Pipelines continue to execute as long as data is available at the
input of the pipeline. If there is no data available to process, the pipeline will
stall. This is shown in the following figure, where the
Input Data Valid signal goes low to indicate there is no more valid
input data. Once the signal goes high, indicating there is new data available to
process, the pipeline will continue operation.
In some cases, it is desirable to have a pipeline that can be
“emptied” or “flushed.” The
flush option is
provided to perform this. When a pipeline is “flushed” the pipeline stops reading
new inputs when none are available (as determined by a data
valid signal at the start of the pipeline) but continues processing,
shutting down each successive pipeline stage, until the final input has been
processed through to the output of the pipeline.
As described below, Vitis HLS
will automatically select the right pipeline style to use for a given pipelined loop
or function. However, you can override this default behavior by using the
command to specify the
default pipeline style.
You can also specify the pipeline style for functions or loops with
the PIPELINE pragma or directive. This option applies to the specific scope of the
pragma or directive and does not change the global default assigned by
flp types of pipelines use the standard pipeline logic
where the hardware pipeline created use various kinds of blocking signals to stall
the pipeline. These blocking signals often become the driver of a high-fanout net,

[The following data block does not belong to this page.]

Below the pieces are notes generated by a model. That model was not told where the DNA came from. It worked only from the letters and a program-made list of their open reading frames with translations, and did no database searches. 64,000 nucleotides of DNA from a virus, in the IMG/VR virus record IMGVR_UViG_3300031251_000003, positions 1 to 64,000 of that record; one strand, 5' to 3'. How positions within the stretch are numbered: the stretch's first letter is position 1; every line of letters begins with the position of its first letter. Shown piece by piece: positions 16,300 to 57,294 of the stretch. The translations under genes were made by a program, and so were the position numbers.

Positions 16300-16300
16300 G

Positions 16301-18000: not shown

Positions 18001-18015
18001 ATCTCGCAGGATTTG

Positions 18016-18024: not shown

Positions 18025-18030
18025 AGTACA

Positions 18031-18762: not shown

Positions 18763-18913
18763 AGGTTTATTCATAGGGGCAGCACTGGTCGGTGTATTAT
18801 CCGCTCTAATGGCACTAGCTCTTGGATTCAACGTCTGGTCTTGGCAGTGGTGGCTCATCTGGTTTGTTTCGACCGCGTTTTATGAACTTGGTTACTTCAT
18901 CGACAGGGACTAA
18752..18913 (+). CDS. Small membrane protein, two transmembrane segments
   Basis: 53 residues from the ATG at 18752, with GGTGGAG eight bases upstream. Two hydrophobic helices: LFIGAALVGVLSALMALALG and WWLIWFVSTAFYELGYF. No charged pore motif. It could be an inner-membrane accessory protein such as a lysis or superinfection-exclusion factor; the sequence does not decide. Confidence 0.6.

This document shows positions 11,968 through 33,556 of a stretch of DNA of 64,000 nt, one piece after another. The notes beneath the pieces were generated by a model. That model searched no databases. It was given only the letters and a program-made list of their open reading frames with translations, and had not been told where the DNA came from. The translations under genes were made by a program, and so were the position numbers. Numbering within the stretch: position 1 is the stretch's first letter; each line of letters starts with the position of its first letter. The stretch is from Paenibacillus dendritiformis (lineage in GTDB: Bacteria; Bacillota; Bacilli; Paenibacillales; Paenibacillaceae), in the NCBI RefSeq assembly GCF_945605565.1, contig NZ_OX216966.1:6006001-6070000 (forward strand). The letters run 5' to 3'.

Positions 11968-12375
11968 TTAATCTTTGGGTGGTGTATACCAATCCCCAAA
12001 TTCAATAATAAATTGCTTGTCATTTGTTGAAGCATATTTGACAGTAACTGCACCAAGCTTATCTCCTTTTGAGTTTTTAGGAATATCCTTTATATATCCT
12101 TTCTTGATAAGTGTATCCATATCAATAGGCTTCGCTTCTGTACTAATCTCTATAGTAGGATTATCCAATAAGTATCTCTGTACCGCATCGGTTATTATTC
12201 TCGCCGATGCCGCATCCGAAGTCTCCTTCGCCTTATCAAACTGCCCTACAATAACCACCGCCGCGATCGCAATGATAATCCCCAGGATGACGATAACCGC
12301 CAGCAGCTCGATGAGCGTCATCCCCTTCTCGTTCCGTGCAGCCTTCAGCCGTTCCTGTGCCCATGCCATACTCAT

especially on pipelines that are deep in the number of physical stages and work on
significant data sizes. Such high fanout nets, when they are created, are the prime
cause of timing closure issues which cannot be fixed in RTL/Logic Synthesis or
during Place-and-Route. To solve this issue, a new type of pipeline implementation
called free-running pipeline (or
frp) was created. The free-running pipeline is the
most efficient architecture for handling a pipeline that operates with blocking
signals. This is because
- It completely eliminates the blocking signal connections to the register enables
- It is a fully flushable pipeline, which allows bubbling invalid transactions
- Unlike the previous architectures which distribute fanouts (across flops), this reduces the fanouts
- It does not rely on the synthesis and/or place and route optimizations such as flop cloning
- This helps PnR by creating a structure where the wire length is reduced along with the reduction of the high fanouts
But there is a cost associated with this fanout reduction:
- the size of the FIFO buffers required for the blocking output ports causes additional resource usage.
- the mux delay at those blocking output ports
- the potential performance hit due to early validation of forward-pressure triggers
frp) can only be called from within a DATAFLOW region. The
frpstyle cannot be applied to a loop that is called in a sequential or a pipelined region.
The three types of pipelines available in the tool are summarized in
the following table. Vitis HLS will
automatically select the right pipeline style to use for a given pipelined loop or
function. If the pipeline is used with
the flushing pipeline (FLP) style is automatically selected to avoid deadlocks. If
the pipeline control requires high fanout, and meets other free-running
requirements, the tool will select the free-running pipeline (FRP) style to limit
the high fanout. Finally, if neither of the above cases apply, then the standard
pipeline (STP) style is selected.
|Name||Stalled Pipeline||Free-Running/ Flushable Pipeline||Flushable Pipeline|
||When flushable is required for better performance or avoiding deadlock.|
flp) are compatible with the rewind option specified in the PIPELINE pragma or directive when the
config_compile -enable_auto_rewindoption is also enabled.